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Ludwig Plagge
Ludwig Plagge
Ludwig Plagge
Born (1910-06-13)13 June 1910
Died 22 January 1948(1948-01-22) (aged 38)
Occupation SS-Oberscharführer
Known for Defendant at the Auschwitz Trial
Political party National Socialist German Workers' Party (NSDAP)

Ludwig Plagge (13 June 1910 - 22 January 1948) was an SS-Oberscharführer and member of staff at Auschwitz, Buchenwald and Majdanek concentration camps. He was prosecuted at the Auschwitz Trial.


Born in Landesbergen, Plagge completed eight years of school and became a farmer. He joined the Nazi party on December 1, 1931, and the SS in October 1934, with the membership number 270620. On 20 November 1939 he began active service and was assigned to Sachsenhausen concentration camp where he stayed until the end of June 1940.[1] He was subsequently posted to Auschwitz in July 1940, and was one of the first SS men there.[1]

He remained there until 4 October 1943. His roles included Blockführer (Block leader) (including in Block 11, the death block) and SS Rapportführer. In the gypsy camp in Birkenau he had the role of deputy roll call leader from its opening through autumn 1943, and in the summer was also acting protective custody leader (Schutzhaftlagerführer).[1] From Auschwitz he was posted to the Majdanek camp in Lublin, then in 1944 he was in Flossenbürg concentration camp. He was also a member of Lebensborn.

Plagge was noted for his brutality, particularly to Jews.[2] He participated in the gassing of thousands of Sinti and Roma people, and Jews from Theresienstadt.[3]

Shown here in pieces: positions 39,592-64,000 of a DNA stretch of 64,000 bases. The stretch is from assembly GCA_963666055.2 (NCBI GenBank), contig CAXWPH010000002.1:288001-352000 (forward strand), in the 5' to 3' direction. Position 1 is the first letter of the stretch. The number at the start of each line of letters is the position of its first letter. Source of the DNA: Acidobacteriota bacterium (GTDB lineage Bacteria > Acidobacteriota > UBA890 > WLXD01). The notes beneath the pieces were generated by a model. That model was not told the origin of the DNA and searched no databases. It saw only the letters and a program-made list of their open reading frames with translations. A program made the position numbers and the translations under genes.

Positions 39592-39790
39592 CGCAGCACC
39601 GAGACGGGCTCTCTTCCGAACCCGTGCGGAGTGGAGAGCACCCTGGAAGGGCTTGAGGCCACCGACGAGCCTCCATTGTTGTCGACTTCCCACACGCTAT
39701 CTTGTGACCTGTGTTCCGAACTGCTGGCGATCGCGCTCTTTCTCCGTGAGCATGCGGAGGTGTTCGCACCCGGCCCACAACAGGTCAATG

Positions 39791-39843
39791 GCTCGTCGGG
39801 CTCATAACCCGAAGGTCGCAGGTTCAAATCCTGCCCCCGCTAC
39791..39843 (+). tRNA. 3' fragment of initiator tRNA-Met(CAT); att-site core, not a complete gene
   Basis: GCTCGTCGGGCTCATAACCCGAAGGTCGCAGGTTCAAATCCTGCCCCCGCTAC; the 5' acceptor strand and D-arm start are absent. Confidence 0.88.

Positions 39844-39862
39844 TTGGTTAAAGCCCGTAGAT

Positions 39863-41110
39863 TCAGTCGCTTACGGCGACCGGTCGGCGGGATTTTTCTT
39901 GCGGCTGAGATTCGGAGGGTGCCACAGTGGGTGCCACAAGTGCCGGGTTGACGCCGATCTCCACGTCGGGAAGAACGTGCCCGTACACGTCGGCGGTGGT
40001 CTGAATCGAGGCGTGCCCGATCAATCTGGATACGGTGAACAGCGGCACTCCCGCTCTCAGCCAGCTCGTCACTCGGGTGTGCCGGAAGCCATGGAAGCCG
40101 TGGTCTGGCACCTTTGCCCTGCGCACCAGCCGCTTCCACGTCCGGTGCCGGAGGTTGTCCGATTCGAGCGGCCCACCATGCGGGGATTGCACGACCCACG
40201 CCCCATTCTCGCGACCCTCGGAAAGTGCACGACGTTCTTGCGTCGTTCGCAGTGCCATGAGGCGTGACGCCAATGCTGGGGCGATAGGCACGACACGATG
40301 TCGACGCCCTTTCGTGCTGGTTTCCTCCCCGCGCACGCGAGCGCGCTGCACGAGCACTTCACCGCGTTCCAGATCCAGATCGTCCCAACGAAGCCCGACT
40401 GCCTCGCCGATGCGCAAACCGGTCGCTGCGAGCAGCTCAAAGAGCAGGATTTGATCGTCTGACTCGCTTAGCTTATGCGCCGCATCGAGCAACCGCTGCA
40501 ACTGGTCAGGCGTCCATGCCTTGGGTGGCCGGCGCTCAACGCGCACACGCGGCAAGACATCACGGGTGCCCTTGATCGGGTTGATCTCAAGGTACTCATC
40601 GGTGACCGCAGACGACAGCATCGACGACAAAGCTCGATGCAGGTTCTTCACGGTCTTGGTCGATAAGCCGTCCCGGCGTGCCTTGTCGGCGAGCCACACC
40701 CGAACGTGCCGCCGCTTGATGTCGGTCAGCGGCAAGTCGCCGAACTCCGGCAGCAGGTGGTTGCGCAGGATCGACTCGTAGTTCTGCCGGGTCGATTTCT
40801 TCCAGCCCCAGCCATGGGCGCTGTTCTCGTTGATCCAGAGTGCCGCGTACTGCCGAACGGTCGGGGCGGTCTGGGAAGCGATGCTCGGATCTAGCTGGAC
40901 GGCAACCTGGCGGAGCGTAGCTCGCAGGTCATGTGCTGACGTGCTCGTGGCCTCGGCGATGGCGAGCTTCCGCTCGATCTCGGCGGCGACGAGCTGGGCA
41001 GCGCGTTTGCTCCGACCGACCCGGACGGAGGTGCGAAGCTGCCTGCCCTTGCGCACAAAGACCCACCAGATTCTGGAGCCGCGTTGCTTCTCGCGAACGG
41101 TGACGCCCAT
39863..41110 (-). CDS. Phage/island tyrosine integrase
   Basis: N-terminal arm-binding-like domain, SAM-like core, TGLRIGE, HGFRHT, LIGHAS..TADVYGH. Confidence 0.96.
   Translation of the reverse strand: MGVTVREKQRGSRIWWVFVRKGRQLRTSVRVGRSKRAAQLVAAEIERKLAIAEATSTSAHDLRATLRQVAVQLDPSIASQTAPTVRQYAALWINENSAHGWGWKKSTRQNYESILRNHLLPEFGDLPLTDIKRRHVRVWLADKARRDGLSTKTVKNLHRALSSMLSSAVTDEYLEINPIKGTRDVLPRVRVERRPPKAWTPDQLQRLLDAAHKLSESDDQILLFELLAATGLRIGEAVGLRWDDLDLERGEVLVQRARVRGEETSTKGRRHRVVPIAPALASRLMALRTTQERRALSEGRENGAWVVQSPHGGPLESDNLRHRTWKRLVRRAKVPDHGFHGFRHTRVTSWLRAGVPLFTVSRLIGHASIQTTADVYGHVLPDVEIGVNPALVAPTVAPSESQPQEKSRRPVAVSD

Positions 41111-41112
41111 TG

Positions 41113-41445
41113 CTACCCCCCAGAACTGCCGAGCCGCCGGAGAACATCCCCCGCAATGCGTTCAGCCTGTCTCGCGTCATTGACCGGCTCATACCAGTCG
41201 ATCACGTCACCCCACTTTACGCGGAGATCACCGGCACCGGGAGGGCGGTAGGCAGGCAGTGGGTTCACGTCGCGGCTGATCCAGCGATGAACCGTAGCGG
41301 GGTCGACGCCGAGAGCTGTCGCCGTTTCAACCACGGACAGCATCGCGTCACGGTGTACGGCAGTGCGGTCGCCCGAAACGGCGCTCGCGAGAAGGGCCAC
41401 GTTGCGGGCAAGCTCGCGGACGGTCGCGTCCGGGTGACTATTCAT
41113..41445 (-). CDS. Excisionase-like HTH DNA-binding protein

He was known for submitting prisoners to punishment in the form of physical exercises, known as "sport" in the camp.[4] Prisoners in quarantine were also made to do these exercises.[4] On demand, a group of prisoners were expected to undertake any action, such as walking, singing, running, crawling on one's elbows and tips of the toes, roll around on the ground covered with gravel and crushed bricks, etc.[4] Plagge was a specialist in the invention of these exercises, which were to be performed very quickly without any regard to the age and health of the prisoners.[4] He would make prisoners run for hours while carrying his pipe between his teeth, and hit those who fell, forcing them to carry on.[4] Prisoners nicknamed him das Pfeifchen (the little pipe).[4]


Plagge was prosecuted by the Supreme National Tribunal at the Auschwitz Trial in Kraków. During the trial he admitted to only beating prisoners. Hoping his life would be spared, he told the court that after atonement for his crimes, he will be regarded as a good man, but was sentenced to death due to the overwhelming evidence against him. He was executed on 22 January 1948[1] by hanging in Montelupich Prison, Kraków.


  • Cyprian T., Sawicki J., Siedem wyroków Najwyższego Trybunału Narodowego, Poznań 1962
  • Klee E., Das Personenlexikon zum Dritten Reich: Wer war was vor und nach 1945. Fischer-Taschenbuch-Verlag, Frankfurt am Mein 2005
  • Winter, Walter Stanoski., Robertson, Struan. Winter time: memoirs of a German Sinto who survived Auschwitz. University of Hertfordshire Press, 2004, ISBN 1-902806-38-7
  • International Dachau Committee, Dachauer Hefte – Konzentrationslager – Lebenswelt und Umfeld. Verlag Dachauer Hefte, Volume 12, 1996.
  • Świebocki, Henryk. London wurde informiert--: Berichte von Auschwitz-Flüchtlingen. University of Michigan, published by Auschwitz-Birkenau State Museum, 1997, ISBN 83-85047-64-6
  • Buszko, Józef. Auschwitz, camp hitlérien d'extermination, Indiana University, published by Editions Interpress, 1986, 2nd edition.


  1. 1.0 1.1 1.2 1.3 Winter, Winter time, p. 128.
  2. Świebocki, London wurde informiert. p. 147.
  3. IDC, Dachauer Hefte. p. 163.
  4. 4.0 4.1 4.2 4.3 4.4 4.5 Buszko, Auschwitz, camp hitlérien d'extermination. p. 108.

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